We are treaty citizens with inherent rights - not Indian Act children

SERPENT RIVER FN, Nov. 14, 2011 /CNW/ - Lake Huron Regional Grand Chief, Isadore Day, Wiindawtegowinini says that an upcoming Special Chiefs Meeting to be held in Garden River First Nation is going to be a significant political gathering.

Chiefs from across the Anishinabek Nation will be talking governance, and each respective leadership and their advisors will review updates on all major self-government agreements central to the mandate of the Union of Ontario Indians. 

The Lake Huron Chief says, "We are in interesting times with this process. Much work has been covered on Education and Self Government agreements that see our First Nations in a greater position to take steps to restoring jurisdiction, currently held by Canada under the Indian Act." 

He explains that while this is a good step forward, "we are no further ahead of real change if we don't recognize the issues around restoring jurisdiction within our treaty and traditional lands. Sectoral agreements do not measure up to sovereignty." 

Day applauds the work of the Grand Chief of the Anishinabek Nation, Patrick Madahbee and states that the political discipline that the Grand Chief often speaks about is most needed during these times. He further reinforces that "occupying the field" a Madahbee mantra, is vital on both the legislative front as well as exercising rights at the grassroots level.

"Moving forward, we can't forget that it is the Crown that must reconcile its role in implementing treaties and respecting inherent rights. This is not a matter of waiting until sectoral education and self-government agreements are ratified," urges Lake Huron Grand Chief Day, "we must be firm in initiating parallel a discussion that creates a strong foundation for true reconciliation - jurisdiction on land issues. We are Treaty Citizens with Inherent Rights; not Indian Act Children." 

To move this discussion ahead, Day will be presenting a treaty implementation strategy that he thinks is necessary to formally declare harvesting jurisdiction within Anishinabek treaty regions. He says that harvesting was not only a way of survival in yesteryear but hunting, fishing, and gathering represents a critical key in reconciling the "Spirit and Intent" of treaties - today. Another connected key element of the treaty discussion that he sees as very relevant is Citizenship and addressing encroachment of the Indian Act on those rights.

"If we ask the question," Day points out, "did the treaty give me hunting rights? The answer is no, those rights are inherent. If that's the case then why is it that an Indian Act status card has a say over my hunting rights in my treaty territory? Further, who gave Canada and Ontario the authority to impose the 'status card requirement' for verifying my treaty citizenship and the rights attached?"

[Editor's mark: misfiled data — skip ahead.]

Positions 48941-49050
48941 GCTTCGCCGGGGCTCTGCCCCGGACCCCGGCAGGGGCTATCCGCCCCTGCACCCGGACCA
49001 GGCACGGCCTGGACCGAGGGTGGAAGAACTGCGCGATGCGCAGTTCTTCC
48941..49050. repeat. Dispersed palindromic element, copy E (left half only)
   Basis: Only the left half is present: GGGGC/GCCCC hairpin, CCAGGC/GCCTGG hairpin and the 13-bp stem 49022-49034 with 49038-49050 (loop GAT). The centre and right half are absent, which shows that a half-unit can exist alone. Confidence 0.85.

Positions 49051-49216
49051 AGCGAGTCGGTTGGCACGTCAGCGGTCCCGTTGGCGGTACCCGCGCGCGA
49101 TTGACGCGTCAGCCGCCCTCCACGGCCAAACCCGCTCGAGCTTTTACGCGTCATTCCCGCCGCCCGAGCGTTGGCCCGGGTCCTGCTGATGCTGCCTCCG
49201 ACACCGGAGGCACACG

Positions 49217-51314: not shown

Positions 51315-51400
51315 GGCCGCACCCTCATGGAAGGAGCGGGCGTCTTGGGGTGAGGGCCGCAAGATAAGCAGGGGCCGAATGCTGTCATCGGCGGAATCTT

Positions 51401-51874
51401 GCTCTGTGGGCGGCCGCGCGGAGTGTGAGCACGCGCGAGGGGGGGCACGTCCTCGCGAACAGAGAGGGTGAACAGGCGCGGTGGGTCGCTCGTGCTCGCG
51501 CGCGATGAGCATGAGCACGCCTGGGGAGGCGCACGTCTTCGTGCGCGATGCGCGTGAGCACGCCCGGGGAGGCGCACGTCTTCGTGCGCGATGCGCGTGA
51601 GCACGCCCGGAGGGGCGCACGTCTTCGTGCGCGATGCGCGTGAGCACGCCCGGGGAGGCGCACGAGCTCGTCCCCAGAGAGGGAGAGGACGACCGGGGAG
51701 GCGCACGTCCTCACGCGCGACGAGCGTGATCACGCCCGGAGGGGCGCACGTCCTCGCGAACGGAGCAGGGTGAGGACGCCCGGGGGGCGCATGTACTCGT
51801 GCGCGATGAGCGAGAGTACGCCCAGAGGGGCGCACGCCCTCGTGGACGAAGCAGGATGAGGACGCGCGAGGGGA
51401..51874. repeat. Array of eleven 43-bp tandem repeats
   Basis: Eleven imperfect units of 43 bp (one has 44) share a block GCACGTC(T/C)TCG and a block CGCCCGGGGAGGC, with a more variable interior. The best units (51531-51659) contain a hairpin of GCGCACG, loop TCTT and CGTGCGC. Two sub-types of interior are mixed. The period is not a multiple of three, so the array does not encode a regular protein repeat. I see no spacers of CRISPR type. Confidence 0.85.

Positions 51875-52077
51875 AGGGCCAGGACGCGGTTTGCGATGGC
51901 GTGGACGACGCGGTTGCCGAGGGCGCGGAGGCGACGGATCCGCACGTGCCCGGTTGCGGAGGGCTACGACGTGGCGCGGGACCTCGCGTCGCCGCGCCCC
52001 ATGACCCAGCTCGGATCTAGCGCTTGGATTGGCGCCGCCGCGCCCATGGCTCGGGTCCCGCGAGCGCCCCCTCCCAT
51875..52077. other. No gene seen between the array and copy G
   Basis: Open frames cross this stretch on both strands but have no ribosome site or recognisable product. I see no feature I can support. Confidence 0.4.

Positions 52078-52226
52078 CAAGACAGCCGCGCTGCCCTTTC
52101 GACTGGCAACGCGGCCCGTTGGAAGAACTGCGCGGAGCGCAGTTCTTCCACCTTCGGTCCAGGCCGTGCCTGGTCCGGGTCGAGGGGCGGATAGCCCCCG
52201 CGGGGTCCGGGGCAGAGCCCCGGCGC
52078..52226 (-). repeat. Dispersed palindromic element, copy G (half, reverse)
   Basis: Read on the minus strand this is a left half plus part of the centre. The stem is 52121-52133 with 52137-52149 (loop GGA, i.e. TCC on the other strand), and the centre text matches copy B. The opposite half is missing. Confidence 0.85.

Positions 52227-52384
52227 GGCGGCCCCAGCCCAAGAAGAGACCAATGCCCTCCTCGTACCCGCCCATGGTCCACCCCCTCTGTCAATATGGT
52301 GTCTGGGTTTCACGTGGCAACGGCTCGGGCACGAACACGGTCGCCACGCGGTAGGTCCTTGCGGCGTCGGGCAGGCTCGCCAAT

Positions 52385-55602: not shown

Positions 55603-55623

To that end, Lake Huron Regional Chief Day says that he intends to raise this discussion as a means to shed some light on a test case assertion that he has been discussing with many on the treaty citizenship right to harvest without derogation of those rights from the Crown. 

"If we want to talk self-government, let's start moving yardsticks that will complement and give a deeper foundation of sovereign assertion of our rights and jurisdiction on the land" says Day.

The latest discussions with Ontario on this matter indicate that they are extremely reluctant to pursue pressing any charges against a 'treaty citizen with lineage to the treaty without an Indian Status Card' during a harvest on provincial crown lands. The Lake Huron Regional Grand Chief suggests that a great amount of work is now needed to build a jurisdictional framework for consideration that is treaty region-based and is established based on the direction of our communities. 

"Our next step from here is to occupy the field, assert our right to harvest without having to brandish an Indian status card. We are not Indians; we are Anishinabek with rights that pre-date treaties, this country, the provinces and the Indian Act. It's that simple," concludes Day.

The Anishinabek Nation established the Union of Ontario Indians as its secretariat in 1949. The UOI is a political advocate for 39 member communities across Ontario, representing approximately 55,000 people.  The Union of Ontario Indians is the oldest political organization in Ontario and can trace its roots back to the Confederacy of Three Fires, which existed long before European contact.

SOURCE Anishinabek Nation

For further information:

Marci Becking
Communications Officer, Union of Ontario Indians
Phone: (705) 497-9127 (ext. 2290)
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